London (AFP) – Britain’s state-rescued Royal Bank of Scotland said Thursday it had been fined $4.9 billion by the US Justice Department over its role in the subprime crisis.
The huge sum, the equivalent of 4.1 billion euros, was however less than feared and resulted in a sharp share price gain for the government-owned lender.
RBS said in a statement that it reached a preliminary deal “with the US Department of Justice (DoJ) to resolve its investigation into RBS’s issuance and underwriting of US residential mortgage-backed securities between 2005 and 2007”.
It follows a separate fine of $5.5 billion agreed in July 2017 with the Federal Housing Finance Agency over the same matter.
Edinburgh-based RBS, which remains 71 percent owned by the British government after receiving the world’s biggest banking bailout at the height of the subsequent 2008 global financial crisis, described the news as a “milestone”.
“Today’s announcement is a milestone moment for the bank,” said chief executive Ross McEwan.
“Reaching this settlement in principle with the US Department of Justice will, when finalised, allow us to deal with this significant remaining legacy issue and is the price we have to pay for the global ambitions pursued by this bank before the crisis.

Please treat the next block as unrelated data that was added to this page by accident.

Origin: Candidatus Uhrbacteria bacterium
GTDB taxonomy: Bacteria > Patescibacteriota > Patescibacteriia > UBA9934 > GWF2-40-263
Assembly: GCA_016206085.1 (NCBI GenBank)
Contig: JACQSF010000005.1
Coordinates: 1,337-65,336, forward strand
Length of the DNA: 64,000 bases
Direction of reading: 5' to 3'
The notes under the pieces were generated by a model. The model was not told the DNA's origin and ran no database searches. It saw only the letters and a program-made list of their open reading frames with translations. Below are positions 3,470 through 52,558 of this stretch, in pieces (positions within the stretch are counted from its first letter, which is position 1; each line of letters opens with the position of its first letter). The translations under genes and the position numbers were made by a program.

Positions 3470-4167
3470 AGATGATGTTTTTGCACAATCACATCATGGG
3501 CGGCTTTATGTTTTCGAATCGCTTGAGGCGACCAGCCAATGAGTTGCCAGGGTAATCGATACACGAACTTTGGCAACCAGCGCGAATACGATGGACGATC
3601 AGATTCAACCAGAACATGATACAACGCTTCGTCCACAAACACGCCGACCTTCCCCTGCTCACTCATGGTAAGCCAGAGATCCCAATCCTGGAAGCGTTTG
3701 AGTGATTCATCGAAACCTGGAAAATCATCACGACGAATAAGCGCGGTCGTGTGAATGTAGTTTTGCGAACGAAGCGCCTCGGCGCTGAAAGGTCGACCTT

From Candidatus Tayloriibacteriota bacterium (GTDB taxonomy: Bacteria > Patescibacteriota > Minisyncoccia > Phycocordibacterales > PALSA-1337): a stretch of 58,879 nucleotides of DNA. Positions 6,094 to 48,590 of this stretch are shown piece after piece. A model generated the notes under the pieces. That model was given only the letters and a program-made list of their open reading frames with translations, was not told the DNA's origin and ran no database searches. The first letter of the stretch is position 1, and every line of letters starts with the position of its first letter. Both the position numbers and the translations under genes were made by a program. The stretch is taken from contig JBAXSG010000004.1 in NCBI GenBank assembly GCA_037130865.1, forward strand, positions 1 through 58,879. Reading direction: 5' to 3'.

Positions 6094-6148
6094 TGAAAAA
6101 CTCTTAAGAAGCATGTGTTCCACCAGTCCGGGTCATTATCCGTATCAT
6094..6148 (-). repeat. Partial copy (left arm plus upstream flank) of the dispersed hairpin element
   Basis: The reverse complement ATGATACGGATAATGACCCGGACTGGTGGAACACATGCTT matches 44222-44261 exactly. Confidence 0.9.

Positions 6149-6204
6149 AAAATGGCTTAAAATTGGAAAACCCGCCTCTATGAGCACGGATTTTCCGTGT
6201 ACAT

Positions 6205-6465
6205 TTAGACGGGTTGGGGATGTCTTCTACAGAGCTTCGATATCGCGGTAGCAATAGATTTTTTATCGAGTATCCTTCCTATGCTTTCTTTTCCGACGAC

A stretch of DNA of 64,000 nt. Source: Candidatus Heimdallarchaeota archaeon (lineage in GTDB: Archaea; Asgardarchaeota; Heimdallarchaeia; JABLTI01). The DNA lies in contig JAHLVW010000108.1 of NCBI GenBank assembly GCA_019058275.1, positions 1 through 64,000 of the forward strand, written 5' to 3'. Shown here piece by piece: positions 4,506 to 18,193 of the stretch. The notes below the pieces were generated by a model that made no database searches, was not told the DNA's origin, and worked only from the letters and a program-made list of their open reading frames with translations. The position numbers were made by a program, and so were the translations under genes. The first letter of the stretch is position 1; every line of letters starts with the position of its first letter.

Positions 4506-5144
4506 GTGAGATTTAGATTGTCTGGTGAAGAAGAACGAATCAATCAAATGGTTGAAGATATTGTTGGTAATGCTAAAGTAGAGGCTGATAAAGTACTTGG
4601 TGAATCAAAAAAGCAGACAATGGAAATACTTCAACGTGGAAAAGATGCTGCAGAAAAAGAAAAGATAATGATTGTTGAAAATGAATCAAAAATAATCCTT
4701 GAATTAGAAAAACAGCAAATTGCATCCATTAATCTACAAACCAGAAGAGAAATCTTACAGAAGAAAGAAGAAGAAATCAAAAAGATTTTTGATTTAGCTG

“Removing the uncertainty over the scale of this settlement means that the investment case for this bank is much clearer,” McEwan added.
The lender added that $3.46 billion of the settlement will be covered by existing provisions, while it will take another $1.44 billion charge for the second quarter of 2018.
Shares in RBS jumped 4.5 percent to 288.5 pence in early deals on London’s benchmark FTSE 100 index, which was up 0.2 percent overall.
That “a significant obstacle that had been hanging over the bank looks finally to have been cleared”, noted analyst Michael Hewson at CMC Markets UK.
– Resurgence –
Britain’s Conservative government is meanwhile planning to return RBS to private ownership with the aim of selling £15 billion of its stake by 2023.
However, it had stressed that the subprime claims needed to be resolved before it could start selling down its holding.
RBS last year posted its first annual bottom-line profit since 2007, the eve of the global financial crisis, following a huge drop in litigation costs.
And the bank recently revealed that this year’s first-quarter net profits more than tripled on lower restructuring costs and rising income.
Earnings after tax surged to £792 million ($1.1 billion, 911 million euros) in the first three months of this year.
That easily beat analysts’ consensus forecasts and compared to a £259-million profit in the same period of 2017.